We already learned about the big tectonic plates on our planet that crash into each other at faults

Another cause of earthquakes is from Volcanoes and tectonic plates.

We learned a while back about the melted rock called magma that flows around like hot water under a volcano before it erupts.

Sometimes that hot magma flowing around underground can put a lot of pressure on the rocks above it, and cause it to crack, causing an earthquake.
You can think of it like water in a water balloon, when you squeeze the water balloon it will pop!


(from: wikipedia - volcanism)


Kid Facts - Blast from the past: Charcoal

Thursday, January 11, 2018

Earthquake Swarm


We just learned about the Tsunami Earthquake that isn't very big but can trigger a tsunami.

Another type of earthquake is an Earthquake Swarm.

This is when a lot of earthquakes happen in the same area, and are clearly not just aftershocks or foreshocks from one single earthquake.

These can be hundreds or even over a thousand earthquakes in one state, spreading out over a time of days, weeks or months.
One of the ones that happened not long ago was in Nevada, with 1,000 earthquakes between February and November 2008.


(from: wikipedia - earthquake swarm)


Kid Facts - Blast from the past: Flux

Thursday, January 4, 2018

Tsunami Earthquake


We just learned about the Supershear Earthquake.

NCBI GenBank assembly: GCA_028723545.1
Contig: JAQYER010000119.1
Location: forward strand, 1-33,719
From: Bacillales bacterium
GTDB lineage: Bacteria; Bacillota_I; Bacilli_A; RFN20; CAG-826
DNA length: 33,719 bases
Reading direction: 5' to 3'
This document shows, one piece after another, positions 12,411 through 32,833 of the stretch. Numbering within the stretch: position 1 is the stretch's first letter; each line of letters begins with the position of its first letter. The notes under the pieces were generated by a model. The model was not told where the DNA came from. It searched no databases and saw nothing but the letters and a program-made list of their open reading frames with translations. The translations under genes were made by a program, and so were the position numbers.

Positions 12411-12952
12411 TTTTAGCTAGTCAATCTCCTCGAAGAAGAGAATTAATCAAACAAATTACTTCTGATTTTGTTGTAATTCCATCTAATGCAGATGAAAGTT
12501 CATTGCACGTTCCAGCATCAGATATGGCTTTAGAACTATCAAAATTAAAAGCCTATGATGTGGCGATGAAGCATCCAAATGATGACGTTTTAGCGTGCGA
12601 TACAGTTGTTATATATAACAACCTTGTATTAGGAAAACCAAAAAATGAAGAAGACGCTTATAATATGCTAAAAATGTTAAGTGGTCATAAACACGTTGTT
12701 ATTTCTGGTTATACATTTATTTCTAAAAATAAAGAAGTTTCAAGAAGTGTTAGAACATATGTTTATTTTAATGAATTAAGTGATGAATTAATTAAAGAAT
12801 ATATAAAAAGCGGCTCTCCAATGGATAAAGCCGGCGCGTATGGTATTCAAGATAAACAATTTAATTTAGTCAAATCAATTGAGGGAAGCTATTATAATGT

Another type of earthquake is a Tsunami Earthquake.

This is an earthquake that happens underwater that may not be very big, but it causes a very big tsunami.
It can be dangerous because scientists might not be able to tell a big earthquake happened, and a tsunami might come by surprise.

(from: wikipedia - tsunami earthquake)


Kid Facts - Blast from the past: Gangue

Thursday, December 28, 2017

Supershear Earthquake


We just learned about the Submarine Earthquake that happens underwater.

Another type of quake is a Supershear Earthquake.

A lot of earthquakes happen with the earth moving side to side, like a slinky squishing and then stretching.
Some earthquakes happen like a slinky but you lift it up and the pull it down, causing a wave to go through it.
When this wave is very fast and strong, it can rip through the ground with a lot of force, and cause a lot of damage.
This is a supershear earthquake.


(from: wikipedia - supershear earthquake)


Kid Facts - Blast from the past: Slag

Thursday, December 21, 2017

Submarine Earthquake


We just learned about the Slow Earthquake.

Sometimes earthquakes happen underwater, deep down at the bottom of the ocean floor.
When this happens, it is called a Submarine Earthquake.

The tectonic plates that cover the earth are also at the bottom of the ocean.
When they move and bump into each other, it causes a submarine earthquake.
This causes big waves to happen in the ocean, and can sometimes turn into a gigantic wave called a tsunami, which can cause flooding on cities that are right on the ocean.

Some of the places where these tectonic plates hit are in the very deep parts of the ocean, called "trenches".


(from: wikipedia - submarine earthquake)


Kid Facts - Blast from the past: Smelting